One of the most powerful arrows in the publisher's quiver is their relationship with existing,well-known authors. For example, in this blog post, Hugh Howey is verklempt over a few nice words of affirmation from Stephen King (yes, that S. King) towards Wool. I find this a bit ironic as Stephen King was one of the "one percent" who signed that awful, awful, awful petition from Authors United criticizing brave, plucky, $75B Amazon for screwing around with the Hachette authors in its search for more margins on books and MDF (expenses ultimately paid for by the writers). Heck, King's wife signed the damn thing. How awful is that? But, nice words from the master of horror and suspense are very bankable and I guess all is forgiven from the self-publishing pioneer who introduced the concept of "incentivized agency" and author punishment if you want to price your book above $9.99 on Amazon.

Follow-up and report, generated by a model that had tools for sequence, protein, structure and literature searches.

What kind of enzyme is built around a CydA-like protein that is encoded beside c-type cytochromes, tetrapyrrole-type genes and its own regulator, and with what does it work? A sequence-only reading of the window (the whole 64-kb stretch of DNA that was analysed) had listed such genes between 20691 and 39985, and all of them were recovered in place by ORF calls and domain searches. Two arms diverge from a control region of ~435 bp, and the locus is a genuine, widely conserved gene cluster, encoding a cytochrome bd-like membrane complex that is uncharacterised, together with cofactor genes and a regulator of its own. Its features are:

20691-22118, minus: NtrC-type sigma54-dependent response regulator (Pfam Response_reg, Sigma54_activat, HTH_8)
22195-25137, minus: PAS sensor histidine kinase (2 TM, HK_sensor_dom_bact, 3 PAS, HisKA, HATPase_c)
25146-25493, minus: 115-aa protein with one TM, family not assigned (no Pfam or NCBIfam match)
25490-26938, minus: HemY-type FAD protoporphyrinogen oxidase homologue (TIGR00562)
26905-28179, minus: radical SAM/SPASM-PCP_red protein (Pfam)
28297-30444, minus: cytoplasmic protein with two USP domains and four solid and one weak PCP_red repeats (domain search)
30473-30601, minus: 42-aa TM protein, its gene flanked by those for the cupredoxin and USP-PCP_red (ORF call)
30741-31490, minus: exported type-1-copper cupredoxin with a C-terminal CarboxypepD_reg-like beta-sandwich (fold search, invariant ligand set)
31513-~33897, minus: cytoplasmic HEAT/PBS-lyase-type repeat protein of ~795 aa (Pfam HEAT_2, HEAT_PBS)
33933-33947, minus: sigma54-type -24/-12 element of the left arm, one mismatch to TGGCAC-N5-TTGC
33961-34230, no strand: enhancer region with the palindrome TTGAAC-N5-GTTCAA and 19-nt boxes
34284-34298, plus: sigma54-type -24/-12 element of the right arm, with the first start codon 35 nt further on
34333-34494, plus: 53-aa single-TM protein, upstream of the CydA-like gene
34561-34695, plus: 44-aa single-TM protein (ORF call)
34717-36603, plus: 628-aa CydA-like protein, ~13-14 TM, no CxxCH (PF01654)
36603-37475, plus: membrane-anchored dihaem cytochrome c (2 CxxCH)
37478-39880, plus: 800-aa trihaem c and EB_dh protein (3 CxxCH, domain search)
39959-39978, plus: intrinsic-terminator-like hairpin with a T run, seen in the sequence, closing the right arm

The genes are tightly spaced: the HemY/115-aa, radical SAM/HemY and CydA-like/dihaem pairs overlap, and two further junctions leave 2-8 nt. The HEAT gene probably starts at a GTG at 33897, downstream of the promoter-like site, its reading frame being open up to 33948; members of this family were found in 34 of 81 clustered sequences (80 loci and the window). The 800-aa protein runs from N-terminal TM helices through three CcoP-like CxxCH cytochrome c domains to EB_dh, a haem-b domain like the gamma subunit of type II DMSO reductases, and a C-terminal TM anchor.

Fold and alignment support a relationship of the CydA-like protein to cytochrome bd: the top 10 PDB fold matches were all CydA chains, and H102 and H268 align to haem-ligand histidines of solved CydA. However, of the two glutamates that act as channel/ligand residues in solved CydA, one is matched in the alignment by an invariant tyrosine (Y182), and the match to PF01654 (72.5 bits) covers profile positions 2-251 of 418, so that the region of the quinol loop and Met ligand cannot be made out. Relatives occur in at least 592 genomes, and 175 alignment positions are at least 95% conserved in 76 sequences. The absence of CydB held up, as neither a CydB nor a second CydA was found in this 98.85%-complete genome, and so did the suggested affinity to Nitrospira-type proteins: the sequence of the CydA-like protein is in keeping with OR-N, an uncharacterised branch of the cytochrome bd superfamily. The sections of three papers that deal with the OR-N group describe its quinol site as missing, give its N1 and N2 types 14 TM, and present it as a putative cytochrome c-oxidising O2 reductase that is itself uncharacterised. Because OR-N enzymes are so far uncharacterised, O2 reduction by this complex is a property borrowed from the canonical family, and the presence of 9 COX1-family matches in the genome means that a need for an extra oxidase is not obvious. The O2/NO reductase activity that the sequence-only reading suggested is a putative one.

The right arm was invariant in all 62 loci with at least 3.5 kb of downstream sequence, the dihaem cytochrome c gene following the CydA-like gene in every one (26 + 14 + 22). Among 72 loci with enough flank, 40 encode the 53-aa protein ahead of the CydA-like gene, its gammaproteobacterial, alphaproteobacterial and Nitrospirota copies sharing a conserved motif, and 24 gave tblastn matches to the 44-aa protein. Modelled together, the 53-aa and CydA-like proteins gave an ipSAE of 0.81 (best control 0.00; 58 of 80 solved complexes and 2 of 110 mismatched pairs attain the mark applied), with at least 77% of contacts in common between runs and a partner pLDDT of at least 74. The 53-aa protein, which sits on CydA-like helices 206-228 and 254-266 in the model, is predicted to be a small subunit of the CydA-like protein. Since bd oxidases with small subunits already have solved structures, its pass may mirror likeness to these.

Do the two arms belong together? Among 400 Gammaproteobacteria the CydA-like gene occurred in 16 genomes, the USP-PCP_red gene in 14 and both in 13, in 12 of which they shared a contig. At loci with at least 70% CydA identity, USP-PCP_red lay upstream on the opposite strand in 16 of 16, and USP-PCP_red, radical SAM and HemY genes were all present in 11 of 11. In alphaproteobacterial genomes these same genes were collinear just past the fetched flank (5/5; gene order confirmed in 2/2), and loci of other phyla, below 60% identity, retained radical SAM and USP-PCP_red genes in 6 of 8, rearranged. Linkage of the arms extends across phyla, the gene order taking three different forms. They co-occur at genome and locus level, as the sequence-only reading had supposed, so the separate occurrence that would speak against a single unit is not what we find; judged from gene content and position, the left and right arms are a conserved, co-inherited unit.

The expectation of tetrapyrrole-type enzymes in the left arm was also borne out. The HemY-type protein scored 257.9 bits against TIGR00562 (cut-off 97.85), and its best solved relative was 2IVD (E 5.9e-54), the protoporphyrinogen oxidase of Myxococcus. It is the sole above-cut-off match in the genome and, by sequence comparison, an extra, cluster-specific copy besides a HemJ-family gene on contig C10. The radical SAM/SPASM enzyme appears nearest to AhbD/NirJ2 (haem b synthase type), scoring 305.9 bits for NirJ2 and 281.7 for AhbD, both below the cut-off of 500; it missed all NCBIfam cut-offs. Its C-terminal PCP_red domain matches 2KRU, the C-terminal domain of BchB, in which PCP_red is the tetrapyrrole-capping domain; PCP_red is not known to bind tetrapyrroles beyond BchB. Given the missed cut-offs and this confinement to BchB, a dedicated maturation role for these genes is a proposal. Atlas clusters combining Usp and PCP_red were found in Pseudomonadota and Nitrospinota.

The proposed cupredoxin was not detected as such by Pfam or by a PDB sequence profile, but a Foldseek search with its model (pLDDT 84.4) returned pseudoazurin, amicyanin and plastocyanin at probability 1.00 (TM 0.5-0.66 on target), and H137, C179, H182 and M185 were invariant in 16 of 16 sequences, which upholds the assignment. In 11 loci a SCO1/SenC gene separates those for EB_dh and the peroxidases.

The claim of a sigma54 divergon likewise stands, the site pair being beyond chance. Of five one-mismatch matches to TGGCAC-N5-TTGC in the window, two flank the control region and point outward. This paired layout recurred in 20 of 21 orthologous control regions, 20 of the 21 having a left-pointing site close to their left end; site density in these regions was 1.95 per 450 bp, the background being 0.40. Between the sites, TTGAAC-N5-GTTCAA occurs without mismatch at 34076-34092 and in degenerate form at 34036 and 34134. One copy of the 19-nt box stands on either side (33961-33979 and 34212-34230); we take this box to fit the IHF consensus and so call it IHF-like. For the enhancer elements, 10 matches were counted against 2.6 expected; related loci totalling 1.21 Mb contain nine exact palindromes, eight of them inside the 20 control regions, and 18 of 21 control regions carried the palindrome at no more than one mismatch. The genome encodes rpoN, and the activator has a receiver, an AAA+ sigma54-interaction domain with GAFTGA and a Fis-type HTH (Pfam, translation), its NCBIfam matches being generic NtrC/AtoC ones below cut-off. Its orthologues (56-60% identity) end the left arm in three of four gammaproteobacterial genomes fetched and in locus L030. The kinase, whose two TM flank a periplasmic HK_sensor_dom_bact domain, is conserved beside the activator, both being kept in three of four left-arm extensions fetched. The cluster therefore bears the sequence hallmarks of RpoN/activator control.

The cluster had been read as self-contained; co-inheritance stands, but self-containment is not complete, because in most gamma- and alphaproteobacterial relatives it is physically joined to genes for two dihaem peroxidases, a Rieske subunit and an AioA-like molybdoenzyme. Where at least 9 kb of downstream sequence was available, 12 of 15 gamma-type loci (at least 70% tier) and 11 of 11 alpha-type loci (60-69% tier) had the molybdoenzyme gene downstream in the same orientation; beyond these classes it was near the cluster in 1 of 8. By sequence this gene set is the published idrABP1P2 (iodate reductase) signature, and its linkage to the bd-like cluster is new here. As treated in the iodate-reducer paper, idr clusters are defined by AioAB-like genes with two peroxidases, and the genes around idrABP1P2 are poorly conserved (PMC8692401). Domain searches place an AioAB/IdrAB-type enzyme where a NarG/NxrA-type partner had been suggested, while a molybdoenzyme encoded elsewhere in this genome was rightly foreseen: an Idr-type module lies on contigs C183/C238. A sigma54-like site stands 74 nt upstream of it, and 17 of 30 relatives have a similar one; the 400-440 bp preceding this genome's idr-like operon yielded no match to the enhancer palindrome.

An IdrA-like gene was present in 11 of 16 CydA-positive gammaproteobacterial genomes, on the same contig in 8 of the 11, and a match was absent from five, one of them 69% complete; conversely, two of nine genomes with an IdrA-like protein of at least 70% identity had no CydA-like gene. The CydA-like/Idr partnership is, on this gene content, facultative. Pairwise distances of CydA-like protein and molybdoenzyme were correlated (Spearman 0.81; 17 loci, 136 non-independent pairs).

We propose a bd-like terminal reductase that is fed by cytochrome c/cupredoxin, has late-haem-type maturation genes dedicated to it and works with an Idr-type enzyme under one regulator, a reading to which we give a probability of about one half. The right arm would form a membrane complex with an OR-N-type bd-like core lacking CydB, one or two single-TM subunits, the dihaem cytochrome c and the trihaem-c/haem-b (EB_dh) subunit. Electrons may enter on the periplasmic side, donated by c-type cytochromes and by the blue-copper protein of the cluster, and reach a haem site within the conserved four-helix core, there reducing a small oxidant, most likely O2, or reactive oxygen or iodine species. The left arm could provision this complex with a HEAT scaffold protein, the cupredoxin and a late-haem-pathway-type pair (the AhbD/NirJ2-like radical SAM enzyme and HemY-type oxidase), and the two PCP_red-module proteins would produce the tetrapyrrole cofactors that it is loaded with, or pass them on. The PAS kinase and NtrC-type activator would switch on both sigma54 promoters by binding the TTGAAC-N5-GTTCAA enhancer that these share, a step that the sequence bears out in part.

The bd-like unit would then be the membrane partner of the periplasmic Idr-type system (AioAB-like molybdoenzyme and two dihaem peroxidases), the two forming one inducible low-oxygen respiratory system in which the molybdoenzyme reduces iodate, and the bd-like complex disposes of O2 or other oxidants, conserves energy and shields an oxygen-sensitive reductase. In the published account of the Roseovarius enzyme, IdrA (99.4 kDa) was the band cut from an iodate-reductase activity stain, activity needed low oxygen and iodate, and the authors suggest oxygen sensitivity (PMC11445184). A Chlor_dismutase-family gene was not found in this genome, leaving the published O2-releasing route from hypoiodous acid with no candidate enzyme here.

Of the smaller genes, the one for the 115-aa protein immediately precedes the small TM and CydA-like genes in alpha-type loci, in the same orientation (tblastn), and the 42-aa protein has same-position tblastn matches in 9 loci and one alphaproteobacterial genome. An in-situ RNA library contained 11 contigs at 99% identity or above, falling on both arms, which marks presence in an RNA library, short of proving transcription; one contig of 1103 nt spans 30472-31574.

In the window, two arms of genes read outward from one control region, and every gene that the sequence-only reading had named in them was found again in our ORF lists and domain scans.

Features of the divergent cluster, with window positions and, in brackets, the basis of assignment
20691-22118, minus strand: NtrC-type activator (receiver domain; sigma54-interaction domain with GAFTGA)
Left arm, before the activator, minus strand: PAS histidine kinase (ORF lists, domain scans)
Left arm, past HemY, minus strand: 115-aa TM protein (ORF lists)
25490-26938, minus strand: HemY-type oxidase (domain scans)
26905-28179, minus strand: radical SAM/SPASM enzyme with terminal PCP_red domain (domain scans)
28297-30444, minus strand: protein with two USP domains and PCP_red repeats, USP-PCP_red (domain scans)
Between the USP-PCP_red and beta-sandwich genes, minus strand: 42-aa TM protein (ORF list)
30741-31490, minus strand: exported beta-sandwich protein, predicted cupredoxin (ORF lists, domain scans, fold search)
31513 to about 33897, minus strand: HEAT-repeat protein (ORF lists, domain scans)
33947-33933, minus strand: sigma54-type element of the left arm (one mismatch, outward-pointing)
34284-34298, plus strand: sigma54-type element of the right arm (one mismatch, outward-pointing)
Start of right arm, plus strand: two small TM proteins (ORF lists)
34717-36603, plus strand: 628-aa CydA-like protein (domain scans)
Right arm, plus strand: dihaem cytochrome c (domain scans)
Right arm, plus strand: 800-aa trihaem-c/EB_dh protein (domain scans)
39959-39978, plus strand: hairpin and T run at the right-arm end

My suggestion is that if Stephen King's ready to make Hugh Howey's day, perhaps he and his compatriots might want to help make some self-published authors' days as well? How about a reach out program sponsored by the publishers that encourages their authors to:
There are more ideas you can develop along these lines, but you get the idea.
Explore the New Venues Open to You
In the previous article I mentioned that paper is a trap for publishers. I stand by that statement, but I'm not only talking about the inevitable demise of print at the hands of digital. I'm talking about missing and experimenting with new venues and ways to sell books while focusing too deeply on managing a legacy business model (which the major publisher do need to do).